Sunday, May. 22, 2022
spring break

Ah, Spring Break. A time when textbooks, cafeteria food and long nights in the library are replaced by tropical beaches, piña coladas and sleeping in to noon, right? Not necessarily. Instead of trading the classroom for a cruise ship, more college students are opting to spend that week of vacation on an Alternative Spring Break, which are volunteer trips organized by colleges, universities, charitable organizations and religious organizations. These trips give students the opportunity to participate in organized charity and relief efforts, and while the experience itself is often rewarding, they also look great on resumes and grad school applications. In the spring of 2006, an estimated 36,000 students across the nation participated in an alternative break experience.

Most colleges offer their own school-sponsored ASBs, so a good place to start searching for opportunities is at your school’s Web site. When trying to decide on a trip, consider the destination's appeal to you, as well as your level of interest in the volunteer project and what it can ultimately do for your long-term goals. If you're considering a career in education, for example, a good ASB match might be tutoring children or teaching English to immigrants, while someone set on medicine might prefer a trip that involves working with the elderly and hospital patients.

Also, ASB can be a good opportunity to travel and get experience abroad. Some projects operate on the international level, and if this is a priority for you, check out Cross Cultural Solutions, which offers programs in Brazil, China, Peru, Russia and Thailand and also handles your lodging, all meals, local transportation and travel medical insurance. Other options include United Planet, which organizes volunteers to help people in need worldwide, and i-to-i, which focuses largely on environmental volunteerism and offers trips to Costa Rica, Ecuador, Guatemala and Honduras.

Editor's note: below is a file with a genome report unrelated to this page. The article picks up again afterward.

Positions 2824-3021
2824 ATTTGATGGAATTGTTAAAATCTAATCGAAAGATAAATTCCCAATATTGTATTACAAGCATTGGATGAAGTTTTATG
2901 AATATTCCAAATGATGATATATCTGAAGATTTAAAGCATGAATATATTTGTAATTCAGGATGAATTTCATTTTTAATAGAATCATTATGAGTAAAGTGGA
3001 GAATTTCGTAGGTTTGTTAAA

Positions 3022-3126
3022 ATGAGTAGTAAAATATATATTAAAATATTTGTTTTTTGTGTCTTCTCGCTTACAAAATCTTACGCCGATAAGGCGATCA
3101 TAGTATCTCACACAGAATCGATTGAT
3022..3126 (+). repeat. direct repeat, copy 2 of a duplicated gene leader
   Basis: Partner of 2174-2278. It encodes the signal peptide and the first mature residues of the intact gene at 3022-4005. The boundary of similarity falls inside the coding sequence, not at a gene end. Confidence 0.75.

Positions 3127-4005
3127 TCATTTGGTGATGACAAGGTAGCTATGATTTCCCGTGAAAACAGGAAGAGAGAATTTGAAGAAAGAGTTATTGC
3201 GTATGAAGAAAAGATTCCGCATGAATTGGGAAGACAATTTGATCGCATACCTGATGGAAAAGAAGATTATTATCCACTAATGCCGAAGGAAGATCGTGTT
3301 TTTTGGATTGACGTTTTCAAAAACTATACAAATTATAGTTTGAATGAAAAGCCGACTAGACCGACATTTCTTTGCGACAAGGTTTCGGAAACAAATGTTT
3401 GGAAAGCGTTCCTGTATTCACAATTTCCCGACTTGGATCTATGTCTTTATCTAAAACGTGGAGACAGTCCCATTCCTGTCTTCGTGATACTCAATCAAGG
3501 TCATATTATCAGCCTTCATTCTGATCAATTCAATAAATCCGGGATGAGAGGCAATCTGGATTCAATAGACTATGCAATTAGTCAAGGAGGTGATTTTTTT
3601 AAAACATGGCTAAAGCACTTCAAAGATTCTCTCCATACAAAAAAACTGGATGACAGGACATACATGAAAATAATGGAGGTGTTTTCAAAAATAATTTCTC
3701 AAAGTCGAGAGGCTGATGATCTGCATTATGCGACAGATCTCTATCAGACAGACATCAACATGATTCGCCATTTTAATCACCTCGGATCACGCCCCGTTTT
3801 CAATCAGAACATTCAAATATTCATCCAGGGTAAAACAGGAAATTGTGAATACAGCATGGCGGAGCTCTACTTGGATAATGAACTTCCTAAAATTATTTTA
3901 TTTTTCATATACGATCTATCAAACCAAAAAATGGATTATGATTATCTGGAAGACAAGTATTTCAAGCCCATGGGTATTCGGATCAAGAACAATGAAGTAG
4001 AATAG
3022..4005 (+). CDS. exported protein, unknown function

Keep in mind that though these are volunteer projects, most of them still require a fee to participate, and if cost is an issue, that may help pare down your options. Some projects also feature fundraising initiatives, which can help students finance their trips.

Here are some more sites that can help you find the perfect ASB trip:

  • United Way
    Features U.S. based volunteer efforts, from continuing to rebuild the Gulf Coast after hurricanes Katrina, Rita and Ike, to addressing the issues plaguing urban America.

  • Habitat for Humanity
    This organization builds homes for families, and it offers a Collegiate Challenge for groups of five or more students to get involved and visit one of the 250 host affiliates throughout the U.S. Students spend one week working in partnership with the local affiliate, the local community and partner families to help eliminate poverty housing in the area.

  • Break Away
    Offers many national-level trips, such as tutoring migrant farmworkers in Florida, building homes in Appalachia, registering voters in rural Mississippi and working with the homeless in Washington, D.C.

Check out our sister site, TripSpot, for information on the best airfare, travel safety tips, how to apply for a passport, and details on countries and cities around the world.

--Jennifer Borders

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